|*Nearly every man uses his hands to make a living. Some men use them to work the soil, others to write legal briefs or hammer nails. Grady Stiles II makes a living by letting people look at his hands.|
"I'm the last true freak attraction around," he says, tearing a $1 ticket in half.
I am known as the Lobster Man. I am known by that name because by hands are shaped like that of a lobster claw, as you see here.
"$10,000 If Not Real and Alive!," the sign on the Midway screams. Don't be afraid to look - step right up.
That's how Mr. Stiles, who finishes a weeklong stint at The Great Frederick Fair today, provides for his family. And if you have a good question - go right ahead and ask it. The Lobster Man gets tired repeating that same speech a hundred times a day.
The awe-struck faces in the yellow and white-striped tent stare and stare and stare. The bolder ones ask questions and when they do - for the most part - they are not joking.
"Do you eat raw fish?", a wide-eyed boy in a black Nightrider t-shirt asks.
"Are you in the Guiness Book of World Records?", says a teen-age girl, clutching a huge grey alligator to her chest.
"How do you . do you ... do you get used to being with, with that?" says a nine-year-old boy, his eyes never leaving Mr. Stiles' hands.
As the afternoon wears on, Mr. Stiles' well worn spiel becomes more and more abbreviated.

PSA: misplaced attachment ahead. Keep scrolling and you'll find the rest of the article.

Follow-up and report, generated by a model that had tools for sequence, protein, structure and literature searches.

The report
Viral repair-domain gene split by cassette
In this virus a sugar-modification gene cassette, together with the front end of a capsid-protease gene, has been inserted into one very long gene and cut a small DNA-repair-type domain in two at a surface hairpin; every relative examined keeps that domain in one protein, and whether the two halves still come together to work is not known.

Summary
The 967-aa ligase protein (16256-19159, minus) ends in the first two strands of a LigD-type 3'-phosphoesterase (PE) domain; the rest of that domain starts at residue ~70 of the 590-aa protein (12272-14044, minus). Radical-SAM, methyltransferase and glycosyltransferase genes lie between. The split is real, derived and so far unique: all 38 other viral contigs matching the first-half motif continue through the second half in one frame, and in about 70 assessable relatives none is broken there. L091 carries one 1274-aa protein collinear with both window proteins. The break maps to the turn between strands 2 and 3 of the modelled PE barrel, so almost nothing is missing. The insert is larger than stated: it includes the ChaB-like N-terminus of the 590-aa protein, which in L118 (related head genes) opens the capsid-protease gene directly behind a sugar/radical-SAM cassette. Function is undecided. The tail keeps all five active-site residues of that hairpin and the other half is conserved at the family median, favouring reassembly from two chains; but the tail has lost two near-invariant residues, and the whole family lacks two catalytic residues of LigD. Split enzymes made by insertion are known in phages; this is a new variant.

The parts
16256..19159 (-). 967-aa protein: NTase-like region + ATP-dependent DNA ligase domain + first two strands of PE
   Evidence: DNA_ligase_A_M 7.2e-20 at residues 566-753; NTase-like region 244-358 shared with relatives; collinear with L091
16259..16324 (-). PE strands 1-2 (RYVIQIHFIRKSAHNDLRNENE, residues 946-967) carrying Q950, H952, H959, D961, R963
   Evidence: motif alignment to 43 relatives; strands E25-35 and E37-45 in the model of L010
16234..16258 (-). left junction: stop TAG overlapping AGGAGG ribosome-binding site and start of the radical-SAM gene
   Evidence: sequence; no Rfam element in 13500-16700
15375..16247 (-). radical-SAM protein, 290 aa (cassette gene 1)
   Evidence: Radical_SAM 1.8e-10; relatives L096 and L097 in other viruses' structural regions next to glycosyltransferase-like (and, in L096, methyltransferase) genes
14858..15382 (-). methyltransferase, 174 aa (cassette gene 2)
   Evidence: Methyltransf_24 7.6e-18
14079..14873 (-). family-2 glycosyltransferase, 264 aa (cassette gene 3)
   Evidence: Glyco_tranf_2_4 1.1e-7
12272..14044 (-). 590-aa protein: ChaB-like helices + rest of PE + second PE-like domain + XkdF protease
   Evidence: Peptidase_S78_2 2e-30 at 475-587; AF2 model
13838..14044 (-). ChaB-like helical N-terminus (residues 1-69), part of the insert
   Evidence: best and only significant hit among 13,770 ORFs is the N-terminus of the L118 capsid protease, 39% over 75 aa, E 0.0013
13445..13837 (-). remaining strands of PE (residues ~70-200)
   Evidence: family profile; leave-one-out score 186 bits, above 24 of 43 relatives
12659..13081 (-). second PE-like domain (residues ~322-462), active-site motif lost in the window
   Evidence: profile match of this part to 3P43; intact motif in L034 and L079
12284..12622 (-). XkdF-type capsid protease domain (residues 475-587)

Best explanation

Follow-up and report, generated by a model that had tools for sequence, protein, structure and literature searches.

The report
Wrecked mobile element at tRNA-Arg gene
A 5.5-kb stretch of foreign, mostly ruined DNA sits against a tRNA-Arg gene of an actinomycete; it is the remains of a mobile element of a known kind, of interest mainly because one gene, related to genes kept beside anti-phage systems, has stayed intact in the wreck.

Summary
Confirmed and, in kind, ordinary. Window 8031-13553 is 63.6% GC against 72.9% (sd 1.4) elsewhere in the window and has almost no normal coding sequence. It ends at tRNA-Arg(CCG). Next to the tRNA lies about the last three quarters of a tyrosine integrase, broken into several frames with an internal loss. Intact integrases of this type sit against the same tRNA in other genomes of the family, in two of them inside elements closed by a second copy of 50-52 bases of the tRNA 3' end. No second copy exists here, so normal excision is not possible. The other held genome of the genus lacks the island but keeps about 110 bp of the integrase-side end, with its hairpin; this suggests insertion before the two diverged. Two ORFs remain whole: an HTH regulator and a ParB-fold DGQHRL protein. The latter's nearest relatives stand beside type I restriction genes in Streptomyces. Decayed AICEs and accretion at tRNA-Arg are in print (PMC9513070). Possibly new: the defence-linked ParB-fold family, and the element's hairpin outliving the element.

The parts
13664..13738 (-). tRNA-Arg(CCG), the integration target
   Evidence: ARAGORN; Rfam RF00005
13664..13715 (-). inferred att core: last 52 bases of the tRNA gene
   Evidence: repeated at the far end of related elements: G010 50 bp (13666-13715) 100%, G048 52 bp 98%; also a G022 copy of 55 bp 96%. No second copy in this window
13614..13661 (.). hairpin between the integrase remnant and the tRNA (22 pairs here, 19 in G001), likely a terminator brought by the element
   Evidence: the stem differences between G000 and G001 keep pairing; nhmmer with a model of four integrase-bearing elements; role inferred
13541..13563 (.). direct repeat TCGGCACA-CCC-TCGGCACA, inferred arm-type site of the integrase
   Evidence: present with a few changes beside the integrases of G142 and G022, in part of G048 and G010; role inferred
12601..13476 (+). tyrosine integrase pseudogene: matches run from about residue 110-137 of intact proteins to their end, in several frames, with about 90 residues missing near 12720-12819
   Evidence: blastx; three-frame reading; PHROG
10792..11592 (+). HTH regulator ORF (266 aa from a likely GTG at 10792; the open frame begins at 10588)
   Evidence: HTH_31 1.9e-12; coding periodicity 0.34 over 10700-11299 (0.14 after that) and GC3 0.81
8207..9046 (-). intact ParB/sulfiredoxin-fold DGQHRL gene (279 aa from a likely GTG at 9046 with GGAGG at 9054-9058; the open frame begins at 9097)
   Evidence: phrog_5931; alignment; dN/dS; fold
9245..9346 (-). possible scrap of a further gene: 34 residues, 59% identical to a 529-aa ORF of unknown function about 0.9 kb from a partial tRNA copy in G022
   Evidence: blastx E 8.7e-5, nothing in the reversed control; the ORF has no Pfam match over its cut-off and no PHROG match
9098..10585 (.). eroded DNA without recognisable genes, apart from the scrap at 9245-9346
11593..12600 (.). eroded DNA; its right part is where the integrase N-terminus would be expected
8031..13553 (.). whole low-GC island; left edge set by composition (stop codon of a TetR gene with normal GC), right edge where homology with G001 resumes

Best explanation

My great-grandfather, my great aunt and my dad before me was born like this. Instead of feet I was born with the flippers, or feelers, of a lobster.
There is a cleft through the middle of both of Mr. Stiles' hands. He has two thick, long fingers on each hand. When a person shakes them, they grab one of his fingers and the other clamps on top.
His legs are barely developed below the knees and instead of a foot, each leg tapers to one lone toe.
When he goes into his Lobster Man speech, he snaps the elongated fingers together and twirls his two toes. When he is finished talking, he grabs a lighter and fires up a Pall Mall. He sips an iced tea.
"I look different but I get the same thrills and excitements that you do," he says, leaning forward again to collect tickets, oblivious to the murmurs and elbow nudgings. "When I'm at home I have friends and enemies like everybody else."
His great-grandfather, a farmer in North Carolina, was the first Stiles to display the deformity, he says. The genetic imperfection has been passed on to each successive generation of the family.
He started in the freak show business with his father when he was 6 years old. That was in 1943, when sideshow attractions were a big draw at the state and county fairs. He was scared to death.
"All these people looking at me!". Mr. Stiles sighs with a start. "That was a little scary for someone so young."
But the years went by and when you're that young, you can learn to adapt to almost any situation.
The other sideshow attractions became his best friends and he remembers their names to this day: Grace Williams, "The Mule-Faced Woman" Betty Lou Wiliams "The Double-Bodied Woman" and Frank Lenetti, "The Three-Legged Man."